How to determine the abnormality and cause.
by Dominik Fry
May 24, 2019

System troubleshooting can be a difficult process for the most experienced professionals. Securing the necessary data to support your conclusions can be even more challenging. Before getting started, you will need to know how the system was designed, how it is supposed to operate, and where on the curve your pumps are operating, among other factors. In this article, I will walk you through a system that is operating correctly and two problem scenarios that are often encountered with this system. I will also explain some common pitfalls­—and tips on how to avoid them.

When it comes to gathering data on a system, building services are among the hardest. Most of the piping system may be hidden behind equipment or built into the physical structure, such as the walls and ceiling, and instrumentation is often few and far between.

For example, one engineer recently visited a mechanical room where more than half of the pressure gauges on the pumps were broken or outside of their rated range. In this type of situation, it is important to never speculate on how well they were calibrated, and when comparing these systems, you may have to get a little creative. Do not get discouraged, and do not attempt to take exact measurements in this instance (but you can still receive general data).

For instance, if the pressure gauge only goes to 80 pounds per square inch (psi), but the needle is slightly past 80, do not attempt to calculate pressure because you have passed the instrument’s range and any readings will be unreliable. What you will know, however, is that there is a fault somewhere in the system causing it to operate outside of its design parameters.

As all components of a piping system are interconnected, a problem with one component will impact the hydraulic performance of the entire system. Because of this, we must be able to understand the symptoms, and then focus on the root cause of the problem.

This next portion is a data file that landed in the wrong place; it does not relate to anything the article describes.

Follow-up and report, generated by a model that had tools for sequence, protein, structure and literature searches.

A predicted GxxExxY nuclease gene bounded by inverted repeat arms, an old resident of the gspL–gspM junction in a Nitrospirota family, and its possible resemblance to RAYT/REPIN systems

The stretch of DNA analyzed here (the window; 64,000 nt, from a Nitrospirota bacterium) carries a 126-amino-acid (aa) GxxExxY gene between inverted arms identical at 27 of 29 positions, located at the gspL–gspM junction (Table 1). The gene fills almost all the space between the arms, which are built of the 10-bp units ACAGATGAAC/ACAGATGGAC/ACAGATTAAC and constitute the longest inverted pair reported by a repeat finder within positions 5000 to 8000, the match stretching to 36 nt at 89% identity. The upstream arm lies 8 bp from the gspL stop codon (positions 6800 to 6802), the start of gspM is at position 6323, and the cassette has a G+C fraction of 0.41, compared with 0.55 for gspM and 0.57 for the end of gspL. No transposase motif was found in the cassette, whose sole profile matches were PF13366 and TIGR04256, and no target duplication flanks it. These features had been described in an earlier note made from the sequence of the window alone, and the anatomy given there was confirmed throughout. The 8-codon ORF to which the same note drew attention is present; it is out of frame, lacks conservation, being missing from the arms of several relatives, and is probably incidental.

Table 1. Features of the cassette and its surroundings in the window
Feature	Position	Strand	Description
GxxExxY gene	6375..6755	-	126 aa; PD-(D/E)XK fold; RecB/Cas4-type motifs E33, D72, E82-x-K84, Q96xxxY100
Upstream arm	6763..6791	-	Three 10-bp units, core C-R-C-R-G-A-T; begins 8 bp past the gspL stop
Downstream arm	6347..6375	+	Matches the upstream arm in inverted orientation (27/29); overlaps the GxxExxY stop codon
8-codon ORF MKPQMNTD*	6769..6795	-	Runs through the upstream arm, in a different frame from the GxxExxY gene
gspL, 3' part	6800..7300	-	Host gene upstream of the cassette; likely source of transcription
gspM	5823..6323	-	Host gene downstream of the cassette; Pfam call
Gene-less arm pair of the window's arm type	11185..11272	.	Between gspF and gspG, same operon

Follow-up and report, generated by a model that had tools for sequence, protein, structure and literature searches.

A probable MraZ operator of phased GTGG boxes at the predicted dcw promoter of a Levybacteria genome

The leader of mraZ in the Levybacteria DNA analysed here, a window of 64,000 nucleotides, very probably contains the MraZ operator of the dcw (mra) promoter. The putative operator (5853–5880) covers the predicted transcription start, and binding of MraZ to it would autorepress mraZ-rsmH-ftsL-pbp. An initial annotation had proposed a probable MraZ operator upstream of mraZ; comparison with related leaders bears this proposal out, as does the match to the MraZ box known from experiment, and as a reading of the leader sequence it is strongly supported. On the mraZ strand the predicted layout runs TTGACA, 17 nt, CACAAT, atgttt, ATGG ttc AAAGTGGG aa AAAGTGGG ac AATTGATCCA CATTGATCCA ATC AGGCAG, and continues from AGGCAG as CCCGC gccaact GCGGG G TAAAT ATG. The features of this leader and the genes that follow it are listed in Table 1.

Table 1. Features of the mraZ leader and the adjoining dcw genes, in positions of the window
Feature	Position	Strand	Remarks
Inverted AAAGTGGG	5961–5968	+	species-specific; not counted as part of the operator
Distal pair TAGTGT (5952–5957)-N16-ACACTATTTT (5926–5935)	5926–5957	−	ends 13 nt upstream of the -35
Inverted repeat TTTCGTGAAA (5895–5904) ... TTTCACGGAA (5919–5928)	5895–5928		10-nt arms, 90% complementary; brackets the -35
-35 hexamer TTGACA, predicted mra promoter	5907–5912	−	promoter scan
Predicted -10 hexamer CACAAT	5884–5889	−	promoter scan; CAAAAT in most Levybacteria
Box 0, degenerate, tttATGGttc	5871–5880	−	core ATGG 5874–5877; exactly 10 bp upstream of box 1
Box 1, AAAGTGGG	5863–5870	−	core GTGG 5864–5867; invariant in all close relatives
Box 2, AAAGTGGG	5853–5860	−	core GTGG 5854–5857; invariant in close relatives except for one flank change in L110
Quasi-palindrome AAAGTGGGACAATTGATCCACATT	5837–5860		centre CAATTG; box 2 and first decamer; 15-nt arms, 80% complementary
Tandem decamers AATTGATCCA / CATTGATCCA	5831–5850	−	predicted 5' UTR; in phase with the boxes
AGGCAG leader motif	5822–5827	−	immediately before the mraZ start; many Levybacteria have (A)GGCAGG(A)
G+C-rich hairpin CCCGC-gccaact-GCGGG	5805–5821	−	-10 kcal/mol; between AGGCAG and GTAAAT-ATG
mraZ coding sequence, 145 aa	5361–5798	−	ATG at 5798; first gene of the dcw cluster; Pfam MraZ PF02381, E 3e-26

To start, we need to know what is considered normal. If the system has been operational for some time, then the systems operator should have a decent understanding of what normal is for their system. However, it is always helpful, whether you have worked with the pumping system before or are new, to build a flow model to give you a better understanding of what is going on and what normal should be. For this example, we will say that the pressure, flow, level and valve position readings in Image 1 are the normal steady-state operating conditions for this system.

normal operationImage 1. System under normal operation (Images courtesy of the author)

Normal Operation

  • The supply tank is open to atmosphere and its level is maintained at 10 feet.
  • The supply pump has a suction pressure of 15 pounds per square inch gauge (psig) and a discharge pressure of 80.5 psig.
  • The heat exchanger has an inlet pressure of 67 psig and an outlet pressure of 57 psig, for a total differential pressure of 10 pounds per square inch differential (psid) at 1,000 gallons per minute (gpm).
  • The flow control valve is 85 percent open with 1,000 gpm flowing through it.
  • The product tank is pressurized to 25 psig and has a level of 15 feet.

After being placed into operation, the system began to experience a variety of issues. One operational note is that the flow rate from the product tank is reduced to maintain the tank level, which limits the flow rate for the entire system. While this is an issue, it is not the main system problem.